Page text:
errorsBecomeEmptyStrings boolean: true|false Set to true if you want undefined vars and errors in var syntax to become empty strings, otherwise they are left intact in the template.
acceptAlertLevel Alert.LEVEL: Alert.LEVEL.OK A String without quotes, one of: OK, WARN, ERROR.  (As defined in Alert.LEVEL enum.)
[Not implemented. When implemented, will abort the testGroup or Master run if Warnings or Errors occur in individual tests.]
skipMutators boolean: true|false All mutators in all tests will be skipped.  Only the test will be run, and not any variations generated by the <mutator> set within the test.
skipMutatorsOnFailure boolean: true|false All mutators in all tests will be skipped.  Only the test will be run, and not any variations generated by the <mutator> set within the test.
dumpMasterSummary boolean: true|false
dumpRunOptions boolean: true|false
dumpResourceManagerSummary boolean: true|false The ResourceManager finds files in the classpath and the filesystem.  The HTML report for the Master contains a listing of all resources searched for.  This setting allows you to dump that list to the console, if true.
reportResourceManagerSummary boolean: true|false Same as dumpResourceManagerSummary, but output goes to html report.
reportResponseRaw boolean: true|false In html report, include RESPONSE (raw). The response is normally fed through a JSON pretty print. If that causes problems, turn reportResponseRaw on. It will not wrap in the browser, so the output doesn't look great, but it shows exactly the whitespace and all other characters that the server actually sent. Note that only JSON and XML responses are reported, not HTML.
reportPayloadsAsXML boolean: true|false This controls whether a JSON to XML transformation is applied to payloads, for information purposes only. The output is ony sent to the html report, and is not used in any verifications.
failTestOnErrors boolean: true|false Simply overrides display of SUCCESS to be FAILURE for a test if there are any errors.  Errors come from things like malformed expressions, files not found, socket timeouts on URLs, etc.  Does not abort testGroup or Master runs.
failTestOnWarnings boolean: true|false  Simply overrides display of SUCCESS to be FAILURE for a test if there are any warnings.  Warnings come from things like variables that are not defined but are used in expressions.  Does not abort testGroup or Master runs.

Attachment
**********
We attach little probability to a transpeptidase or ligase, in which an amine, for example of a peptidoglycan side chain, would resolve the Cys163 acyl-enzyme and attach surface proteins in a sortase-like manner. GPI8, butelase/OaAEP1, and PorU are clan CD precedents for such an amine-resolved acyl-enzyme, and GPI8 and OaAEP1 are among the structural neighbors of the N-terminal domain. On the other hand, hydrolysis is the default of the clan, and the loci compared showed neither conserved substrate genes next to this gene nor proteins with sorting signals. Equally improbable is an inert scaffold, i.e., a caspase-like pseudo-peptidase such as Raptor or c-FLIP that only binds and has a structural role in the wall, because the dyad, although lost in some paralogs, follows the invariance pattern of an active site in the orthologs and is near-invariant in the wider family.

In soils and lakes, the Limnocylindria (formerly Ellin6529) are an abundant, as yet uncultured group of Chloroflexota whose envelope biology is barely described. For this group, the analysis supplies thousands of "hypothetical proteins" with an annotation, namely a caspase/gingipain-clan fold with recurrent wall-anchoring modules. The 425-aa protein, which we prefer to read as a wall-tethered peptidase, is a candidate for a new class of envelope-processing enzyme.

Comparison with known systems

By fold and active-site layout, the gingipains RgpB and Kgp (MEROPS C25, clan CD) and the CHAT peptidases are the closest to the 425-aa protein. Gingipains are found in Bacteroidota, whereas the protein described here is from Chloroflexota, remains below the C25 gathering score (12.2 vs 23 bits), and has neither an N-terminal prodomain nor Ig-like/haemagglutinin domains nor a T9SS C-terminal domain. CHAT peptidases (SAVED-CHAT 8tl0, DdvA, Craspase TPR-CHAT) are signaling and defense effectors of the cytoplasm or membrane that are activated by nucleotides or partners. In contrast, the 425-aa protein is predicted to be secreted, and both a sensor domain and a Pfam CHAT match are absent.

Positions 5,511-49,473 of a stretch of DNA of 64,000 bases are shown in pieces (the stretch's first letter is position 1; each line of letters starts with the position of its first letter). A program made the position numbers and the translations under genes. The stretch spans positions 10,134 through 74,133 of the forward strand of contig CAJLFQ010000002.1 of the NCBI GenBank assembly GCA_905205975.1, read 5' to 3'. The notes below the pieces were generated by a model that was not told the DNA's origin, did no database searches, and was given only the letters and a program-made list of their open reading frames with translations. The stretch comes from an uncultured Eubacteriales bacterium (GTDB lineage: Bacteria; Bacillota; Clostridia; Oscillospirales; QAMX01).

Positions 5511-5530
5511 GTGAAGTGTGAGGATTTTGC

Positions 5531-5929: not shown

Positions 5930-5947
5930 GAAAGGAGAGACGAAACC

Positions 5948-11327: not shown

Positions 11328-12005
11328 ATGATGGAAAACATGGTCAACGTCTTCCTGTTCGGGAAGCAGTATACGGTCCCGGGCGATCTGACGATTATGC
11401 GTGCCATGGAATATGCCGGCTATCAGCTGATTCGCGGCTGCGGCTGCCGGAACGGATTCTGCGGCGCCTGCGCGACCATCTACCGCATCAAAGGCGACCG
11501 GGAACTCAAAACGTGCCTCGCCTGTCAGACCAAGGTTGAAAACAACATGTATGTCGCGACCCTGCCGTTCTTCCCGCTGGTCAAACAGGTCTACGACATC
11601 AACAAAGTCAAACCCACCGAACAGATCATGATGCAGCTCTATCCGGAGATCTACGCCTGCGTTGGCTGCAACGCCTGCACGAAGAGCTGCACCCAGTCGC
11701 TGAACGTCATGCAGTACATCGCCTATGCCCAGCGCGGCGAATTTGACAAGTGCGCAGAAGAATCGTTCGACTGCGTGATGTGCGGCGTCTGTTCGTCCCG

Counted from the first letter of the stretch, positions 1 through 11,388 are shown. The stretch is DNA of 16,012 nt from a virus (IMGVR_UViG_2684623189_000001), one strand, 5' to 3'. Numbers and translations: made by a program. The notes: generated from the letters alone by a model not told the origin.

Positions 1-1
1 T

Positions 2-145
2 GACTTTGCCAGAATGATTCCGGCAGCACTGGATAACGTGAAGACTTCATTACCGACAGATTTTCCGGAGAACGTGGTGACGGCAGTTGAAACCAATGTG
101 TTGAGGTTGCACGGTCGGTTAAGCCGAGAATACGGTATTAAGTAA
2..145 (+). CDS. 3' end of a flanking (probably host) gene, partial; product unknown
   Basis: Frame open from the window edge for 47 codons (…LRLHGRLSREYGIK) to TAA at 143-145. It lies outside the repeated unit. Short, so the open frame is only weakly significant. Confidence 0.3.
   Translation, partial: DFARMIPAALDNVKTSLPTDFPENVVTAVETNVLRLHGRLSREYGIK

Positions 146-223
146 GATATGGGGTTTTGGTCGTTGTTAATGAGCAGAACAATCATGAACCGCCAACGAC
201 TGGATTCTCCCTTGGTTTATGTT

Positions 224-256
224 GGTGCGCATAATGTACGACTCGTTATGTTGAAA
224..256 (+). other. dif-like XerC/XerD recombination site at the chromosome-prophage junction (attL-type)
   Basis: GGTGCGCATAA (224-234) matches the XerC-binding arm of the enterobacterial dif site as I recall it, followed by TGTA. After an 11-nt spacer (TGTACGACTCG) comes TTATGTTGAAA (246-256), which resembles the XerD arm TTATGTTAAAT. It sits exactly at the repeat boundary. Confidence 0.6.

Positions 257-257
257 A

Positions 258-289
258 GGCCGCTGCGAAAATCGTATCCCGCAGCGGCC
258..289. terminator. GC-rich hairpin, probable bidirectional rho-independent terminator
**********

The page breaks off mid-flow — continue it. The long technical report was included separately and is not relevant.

boolean: true|false If true, RestReplay writes out a flat-file database of all ServiceResult objects, serialized to JSON, in directories named after their control files, testGroups, and directories in the test tree. The root of the database is ${testdir}/db/

There is an experimental viewer for these in our source, in /src/main/resources/restreplay/_includes/service-result-handlebars-template.html, which ends up in the RestReplay jar file as _includes/service-result-handlebars-template.html.

condensedHeaders Comma separated list of String. Include any headers for which you want values condensed into comma-separated header values when a duplicate header specification is seen in a test. This is standard for the header ACCEPT, so that if you specify ACCEPT twice, say once in the testGroup, and once in a test, then both values get sent with something like this: Accept: application/json, text/json. You can override which headers RestReplay will do this for. By default, RestReplay comes with [ACCEPT, CONTENT-TYPE, COOKIE], which you can add to with one
or override with a blank list with
or blank out then add a custom set:
<runOptions> <connectionTimeout>3000</connectionTimeout> <socketTimeout>3000</socketTimeout> <errorsBecomeEmptyStrings>true</errorsBecomeEmptyStrings> <acceptAlertLevel>OK</acceptAlertLevel> <failTestOnWarnings>true</failTestOnWarnings> <failTestOnErrors>true</failTestOnErrors> <dumpResourceManagerSummary>false</dumpResourceManagerSummary> <skipMutators>false</skipMutators> <outputServiceResultDB>false</outputServiceResultDB> <condensedHeaders>X-FOO, X-BAR</condensedHeaders>  </runOptions>
{rest-replay-base-directory}/runOptions.xml is the best place to do site-wide settings for RestReplay.
It contains a <runOptions> root element.